Therefore, if you create a loopback interface and assign an IP address to it, an OSPF process left to select its own RID will choose it. In theory, that loopback interface IP will never change and never go down, making it a stable choice as a RID and reducing the chance that the RID will need to change, requiring an OSPF process restart and subsequent convergence event.
Manual RID Assignment
If automatic RID assignment feels a bit fragile, you’re in good company. Well, you’re in my company. Judge for yourself how good that company is. I’m a fan of manually assigning a RID using the router-id command in the router ospf paragraph of a Cisco IOS device.
However, I will argue against manual assignment for this reason. In the world of network automation, should network engineers be fussing with minutiae like RIDs? The message we get from Kubernetes is that operators ought not care what workloads are named or what IP address blocks are used for behind-the-scenes connectivity. Let that, bounded by some policy guidance, just happen. If we apply that logic to OSPF RIDs, then all we should concern ourselves with is uniqueness of the RID.
In that spirit, I believe that the OSPF automatic RID assignment process of the highest IP of a loopback interface is fine. If you wish to guide this process, guide the automated workflow that assigns a loopback interface, presumably used for device management anyway, to the device as it is provisioned.
What Lab Work Reveals About RID Assignments
In preparing for this article, I spent a good bit of lab time making sense of how Cisco IOS handles OSPF RIDs. Take this information with a grain of salt in that virtual images can act weird (wonky?) at times, but these are my observations.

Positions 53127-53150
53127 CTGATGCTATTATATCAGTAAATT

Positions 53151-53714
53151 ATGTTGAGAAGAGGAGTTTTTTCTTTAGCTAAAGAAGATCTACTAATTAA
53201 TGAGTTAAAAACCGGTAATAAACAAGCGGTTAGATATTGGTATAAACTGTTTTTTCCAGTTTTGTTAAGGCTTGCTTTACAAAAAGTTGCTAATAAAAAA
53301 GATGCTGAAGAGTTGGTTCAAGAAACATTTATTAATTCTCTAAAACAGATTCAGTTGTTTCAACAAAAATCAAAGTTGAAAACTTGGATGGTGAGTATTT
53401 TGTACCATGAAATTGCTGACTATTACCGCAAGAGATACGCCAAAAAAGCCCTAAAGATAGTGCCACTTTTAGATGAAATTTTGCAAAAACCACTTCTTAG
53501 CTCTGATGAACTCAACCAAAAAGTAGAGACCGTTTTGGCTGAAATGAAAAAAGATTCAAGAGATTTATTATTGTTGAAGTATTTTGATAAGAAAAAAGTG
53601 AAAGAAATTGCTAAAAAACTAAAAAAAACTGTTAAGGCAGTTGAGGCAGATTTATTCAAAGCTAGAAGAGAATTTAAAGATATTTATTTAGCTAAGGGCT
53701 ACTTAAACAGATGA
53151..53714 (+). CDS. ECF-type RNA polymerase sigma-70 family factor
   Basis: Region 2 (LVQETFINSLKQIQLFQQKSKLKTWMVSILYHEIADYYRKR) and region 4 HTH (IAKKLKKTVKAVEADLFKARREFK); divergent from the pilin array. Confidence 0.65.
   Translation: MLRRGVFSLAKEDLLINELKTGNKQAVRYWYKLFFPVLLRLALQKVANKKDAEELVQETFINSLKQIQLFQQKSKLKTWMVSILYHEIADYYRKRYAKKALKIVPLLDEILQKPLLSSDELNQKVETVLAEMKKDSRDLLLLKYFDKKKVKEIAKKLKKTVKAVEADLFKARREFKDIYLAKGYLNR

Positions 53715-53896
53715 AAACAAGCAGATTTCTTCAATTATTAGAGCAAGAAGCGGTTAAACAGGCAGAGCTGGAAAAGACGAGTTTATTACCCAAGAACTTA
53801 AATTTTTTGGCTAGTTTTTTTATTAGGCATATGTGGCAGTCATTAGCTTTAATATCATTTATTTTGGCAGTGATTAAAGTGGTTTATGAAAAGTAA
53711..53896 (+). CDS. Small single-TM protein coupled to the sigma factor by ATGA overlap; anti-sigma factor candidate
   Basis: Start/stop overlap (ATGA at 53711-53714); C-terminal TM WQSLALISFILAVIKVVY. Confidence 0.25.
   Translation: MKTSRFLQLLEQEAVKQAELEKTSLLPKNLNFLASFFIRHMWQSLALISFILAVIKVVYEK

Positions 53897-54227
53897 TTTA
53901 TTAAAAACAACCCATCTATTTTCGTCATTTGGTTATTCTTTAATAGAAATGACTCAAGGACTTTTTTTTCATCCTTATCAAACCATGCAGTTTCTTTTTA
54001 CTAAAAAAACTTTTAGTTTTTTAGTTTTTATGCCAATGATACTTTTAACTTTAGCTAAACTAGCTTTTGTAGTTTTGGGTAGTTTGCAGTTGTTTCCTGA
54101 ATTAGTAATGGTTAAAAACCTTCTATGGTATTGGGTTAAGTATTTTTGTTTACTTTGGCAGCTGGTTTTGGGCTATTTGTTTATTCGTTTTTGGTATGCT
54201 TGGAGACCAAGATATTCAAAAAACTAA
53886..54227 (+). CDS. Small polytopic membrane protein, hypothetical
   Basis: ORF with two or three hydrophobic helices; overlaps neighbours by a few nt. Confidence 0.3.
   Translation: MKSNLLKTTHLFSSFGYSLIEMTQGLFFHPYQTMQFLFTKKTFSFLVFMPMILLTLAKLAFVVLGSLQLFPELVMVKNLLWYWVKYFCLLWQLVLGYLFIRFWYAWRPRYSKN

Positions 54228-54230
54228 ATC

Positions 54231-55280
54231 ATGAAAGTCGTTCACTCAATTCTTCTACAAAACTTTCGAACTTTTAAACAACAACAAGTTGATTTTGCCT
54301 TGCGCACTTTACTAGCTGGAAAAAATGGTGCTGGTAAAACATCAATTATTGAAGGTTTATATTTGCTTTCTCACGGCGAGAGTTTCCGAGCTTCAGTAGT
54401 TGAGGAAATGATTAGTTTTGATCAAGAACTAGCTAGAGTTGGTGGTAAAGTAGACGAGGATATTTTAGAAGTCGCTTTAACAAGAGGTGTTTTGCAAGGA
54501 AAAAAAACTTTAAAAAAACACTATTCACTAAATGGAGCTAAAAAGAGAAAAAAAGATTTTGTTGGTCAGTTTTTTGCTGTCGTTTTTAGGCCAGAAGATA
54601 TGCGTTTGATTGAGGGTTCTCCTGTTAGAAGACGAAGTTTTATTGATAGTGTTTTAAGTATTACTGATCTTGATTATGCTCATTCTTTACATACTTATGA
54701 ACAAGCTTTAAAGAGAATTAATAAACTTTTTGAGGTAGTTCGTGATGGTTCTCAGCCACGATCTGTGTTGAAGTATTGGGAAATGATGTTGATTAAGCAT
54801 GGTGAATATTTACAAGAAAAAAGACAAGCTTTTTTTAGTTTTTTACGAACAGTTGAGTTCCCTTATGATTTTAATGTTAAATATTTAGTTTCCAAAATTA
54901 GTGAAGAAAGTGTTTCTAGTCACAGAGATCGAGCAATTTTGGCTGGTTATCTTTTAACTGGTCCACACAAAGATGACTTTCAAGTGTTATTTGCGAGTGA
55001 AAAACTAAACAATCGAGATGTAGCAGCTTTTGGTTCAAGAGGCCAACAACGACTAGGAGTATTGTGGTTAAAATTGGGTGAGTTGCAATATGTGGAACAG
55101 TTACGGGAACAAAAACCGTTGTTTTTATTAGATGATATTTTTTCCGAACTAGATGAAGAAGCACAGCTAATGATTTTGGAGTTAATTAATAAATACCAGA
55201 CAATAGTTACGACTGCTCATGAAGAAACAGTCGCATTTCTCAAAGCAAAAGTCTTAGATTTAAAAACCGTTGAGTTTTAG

If the RID is unconfigured, then the OSPF process is first started, IOS will grab whatever RID it grabs according to the algorithm discussed above. Once the OSPF process is using that RID, there’s almost nothing that will change it. For example…
- Adding a loopback with a higher IP and performing a clear ip ospf process will not cause OSPF to select a new RID.
- Deleting the loopback that was used to assign the RID and performing a clear ip ospf process will not cause OSPF to select a new RID.
That is, if you let the OSPF process pick its own RID, it’s going to hang onto that RID until you restart the entire router or blow away the OSPF process via no router ospf and recreate the OSPF config from scratch.
If, however, you decide to manually configure the router with the router-id command in the router ospf paragraph, then clear ip ospf process will cause the new RID to take effect.
Conversely, if you do a no router-id and then clear ip ospf process, OSPF will again select a RID for itself.
These details matter if you are planning to change the OSPF RID and are calculating the potential risk of the change to the business. Verify behavior in your own lab before scheduling a RID change window or pushing out an automated RID change into a production environment.
The behavior of Cisco IOS OSPFv3 varies from OSPFv2 in that clear ip ospf process will cause a new RID to be selected in all circumstances.